Welcome to the newest edition of The Why. “Why do people read obscene books?” Good question. (OK, it’s a little literary but again it beats answering your odder, intimate inquiries. Seriously? We thought “The Hindenburg” was just a book about the 1937 airship disaster, mmmkay?)
Book censorship is nothing new. It has been going since shortly after the first book was published. So if these censored books pulled from libraries and burned in bonfires are so terrible—so obscene, if you will—then why do people read them?
Some people read them to make a point. Yours truly has specifically added books to his reading list only after someone decided they should be banned. Some people like to make sure they don’t allow a small group of folks or even a single person to tell them what they should or should not read.
Some people read obscene books to shock and annoy their more conservative acquaintances. Some others believe in supporting artists who are being targeted unfairly.
But there are other reasons as well. James Parker, contributor to The New York Times online, says so-called obscene books offer an aesthetic experience other books may not.
He references Nabokov’s Lolita stating it is “a special case — the special case, perhaps. Like old, gray, mad Nijinski, we rise to a phenomenal altitude while reading it. But there are plenty of other gains to be got and gots to be gained from scandalous books.”
He adds that some obscene books such as Earl Thompson’s 1974 novel Tattoo expanded his “sexual consciousness. Henry Miller did something to me too, gave me something, although that’s harder to put into words: a kind of absolution, I think. After Miller I had the feeling that it might be all right, sexually speaking, just to lie on the floor of the universe in a dirty coat and wait for the restoring touch of Anaïs Nin.”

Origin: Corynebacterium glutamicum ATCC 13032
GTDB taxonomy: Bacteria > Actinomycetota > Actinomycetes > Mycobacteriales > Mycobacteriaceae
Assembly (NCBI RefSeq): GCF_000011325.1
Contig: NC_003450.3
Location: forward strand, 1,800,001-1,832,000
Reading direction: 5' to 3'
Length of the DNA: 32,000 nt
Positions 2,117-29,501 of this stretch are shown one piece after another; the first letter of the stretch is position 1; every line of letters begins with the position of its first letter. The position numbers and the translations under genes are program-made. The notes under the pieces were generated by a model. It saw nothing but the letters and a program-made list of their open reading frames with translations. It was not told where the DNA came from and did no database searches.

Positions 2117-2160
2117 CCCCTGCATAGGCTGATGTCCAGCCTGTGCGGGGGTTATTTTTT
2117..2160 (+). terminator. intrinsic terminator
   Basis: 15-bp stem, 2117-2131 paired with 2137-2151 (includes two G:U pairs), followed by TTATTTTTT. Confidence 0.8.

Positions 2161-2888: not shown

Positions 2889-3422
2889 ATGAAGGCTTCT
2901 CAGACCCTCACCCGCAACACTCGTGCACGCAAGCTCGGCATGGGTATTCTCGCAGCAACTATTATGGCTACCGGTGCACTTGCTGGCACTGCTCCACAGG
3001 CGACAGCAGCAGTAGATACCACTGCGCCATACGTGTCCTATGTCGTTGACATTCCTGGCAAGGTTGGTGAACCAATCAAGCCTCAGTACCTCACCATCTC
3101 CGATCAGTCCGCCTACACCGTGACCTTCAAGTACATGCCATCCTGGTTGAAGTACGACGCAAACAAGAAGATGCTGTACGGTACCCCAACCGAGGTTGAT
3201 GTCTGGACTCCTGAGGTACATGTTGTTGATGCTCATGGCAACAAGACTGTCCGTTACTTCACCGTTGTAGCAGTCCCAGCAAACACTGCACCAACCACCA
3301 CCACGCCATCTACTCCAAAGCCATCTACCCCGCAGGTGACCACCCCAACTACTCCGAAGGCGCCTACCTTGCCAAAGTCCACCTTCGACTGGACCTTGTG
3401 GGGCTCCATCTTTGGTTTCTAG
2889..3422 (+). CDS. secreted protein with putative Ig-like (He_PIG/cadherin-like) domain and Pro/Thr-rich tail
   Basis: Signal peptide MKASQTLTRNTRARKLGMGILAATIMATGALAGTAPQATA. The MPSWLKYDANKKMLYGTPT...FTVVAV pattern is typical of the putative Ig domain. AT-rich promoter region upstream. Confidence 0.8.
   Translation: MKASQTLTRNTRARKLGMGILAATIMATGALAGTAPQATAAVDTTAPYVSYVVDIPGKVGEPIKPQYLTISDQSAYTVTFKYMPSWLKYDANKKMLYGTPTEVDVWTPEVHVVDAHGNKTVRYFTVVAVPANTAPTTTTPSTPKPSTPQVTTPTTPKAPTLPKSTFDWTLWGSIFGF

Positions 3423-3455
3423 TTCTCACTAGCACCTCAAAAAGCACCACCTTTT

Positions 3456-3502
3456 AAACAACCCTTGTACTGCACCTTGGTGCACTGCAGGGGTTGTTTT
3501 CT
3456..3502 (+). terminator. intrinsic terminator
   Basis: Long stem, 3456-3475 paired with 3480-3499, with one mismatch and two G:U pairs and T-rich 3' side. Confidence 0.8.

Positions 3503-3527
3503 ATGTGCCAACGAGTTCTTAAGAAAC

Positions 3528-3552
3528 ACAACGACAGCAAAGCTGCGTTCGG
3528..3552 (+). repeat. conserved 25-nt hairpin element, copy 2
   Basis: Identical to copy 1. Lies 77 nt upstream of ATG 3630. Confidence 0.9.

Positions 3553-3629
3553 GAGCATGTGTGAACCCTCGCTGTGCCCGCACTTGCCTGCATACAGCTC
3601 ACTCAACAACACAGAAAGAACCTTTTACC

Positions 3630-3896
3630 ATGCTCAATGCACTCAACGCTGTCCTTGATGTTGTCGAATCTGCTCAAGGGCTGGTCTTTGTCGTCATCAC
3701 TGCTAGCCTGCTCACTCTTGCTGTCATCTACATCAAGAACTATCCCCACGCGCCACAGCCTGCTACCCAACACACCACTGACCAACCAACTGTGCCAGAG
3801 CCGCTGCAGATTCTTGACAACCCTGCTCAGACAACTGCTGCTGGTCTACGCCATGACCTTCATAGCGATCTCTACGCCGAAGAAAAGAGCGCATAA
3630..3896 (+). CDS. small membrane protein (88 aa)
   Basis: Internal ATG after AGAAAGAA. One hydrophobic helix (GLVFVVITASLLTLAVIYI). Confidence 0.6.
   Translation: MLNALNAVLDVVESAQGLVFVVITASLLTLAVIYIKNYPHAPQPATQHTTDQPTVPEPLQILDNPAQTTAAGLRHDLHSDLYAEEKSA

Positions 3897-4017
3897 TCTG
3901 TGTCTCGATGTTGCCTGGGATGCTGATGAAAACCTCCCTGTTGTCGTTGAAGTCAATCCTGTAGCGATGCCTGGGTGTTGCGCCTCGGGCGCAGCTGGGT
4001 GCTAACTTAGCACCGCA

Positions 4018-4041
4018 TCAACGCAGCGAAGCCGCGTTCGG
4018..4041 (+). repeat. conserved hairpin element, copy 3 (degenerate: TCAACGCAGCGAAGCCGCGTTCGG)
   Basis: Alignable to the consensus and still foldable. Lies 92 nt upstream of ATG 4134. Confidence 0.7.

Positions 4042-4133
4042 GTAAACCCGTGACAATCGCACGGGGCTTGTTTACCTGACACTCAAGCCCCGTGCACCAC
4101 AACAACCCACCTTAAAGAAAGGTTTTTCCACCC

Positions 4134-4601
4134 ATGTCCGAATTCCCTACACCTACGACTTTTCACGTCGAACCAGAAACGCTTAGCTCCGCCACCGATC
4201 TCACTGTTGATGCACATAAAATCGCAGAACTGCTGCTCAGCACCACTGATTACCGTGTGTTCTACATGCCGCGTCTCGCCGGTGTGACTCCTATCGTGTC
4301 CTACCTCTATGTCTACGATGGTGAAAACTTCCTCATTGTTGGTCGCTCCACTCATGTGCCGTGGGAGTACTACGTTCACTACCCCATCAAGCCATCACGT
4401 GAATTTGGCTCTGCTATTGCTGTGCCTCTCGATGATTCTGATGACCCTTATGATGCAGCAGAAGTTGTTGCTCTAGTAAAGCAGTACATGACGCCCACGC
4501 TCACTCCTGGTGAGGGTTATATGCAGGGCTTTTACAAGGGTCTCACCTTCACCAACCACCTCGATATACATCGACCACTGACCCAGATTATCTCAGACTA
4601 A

Parker references a court case to further explain why people read obscene books. He states:
“Appealing an obscenity charge against Hubert Selby’s Last Exit to Brooklyn in an English court, the brilliant lawyer-novelist John Mortimer advanced what would come to be known as the ‘aversion defense’ or the ‘repugnance theory’. The idea was that, far from tending to ‘deprave and corrupt’ its readers, a work like Last Exit to Brooklyn, precisely by being so disgusting, would induce a moral counter- reaction. “
He concludes: “Mortimer won the case . . . but I’ve never been sure about the repugnance theory. The great naughty books, it seems to me, do not trigger our fastidiousness — rather they put us on better terms with our own naughtiness . . . our deep-down desires.” (In other words, people also read obscene books for purposes of self-discovery and maybe even . . . self-exploration, huh?)
Why do people read obscene books? Now you know.
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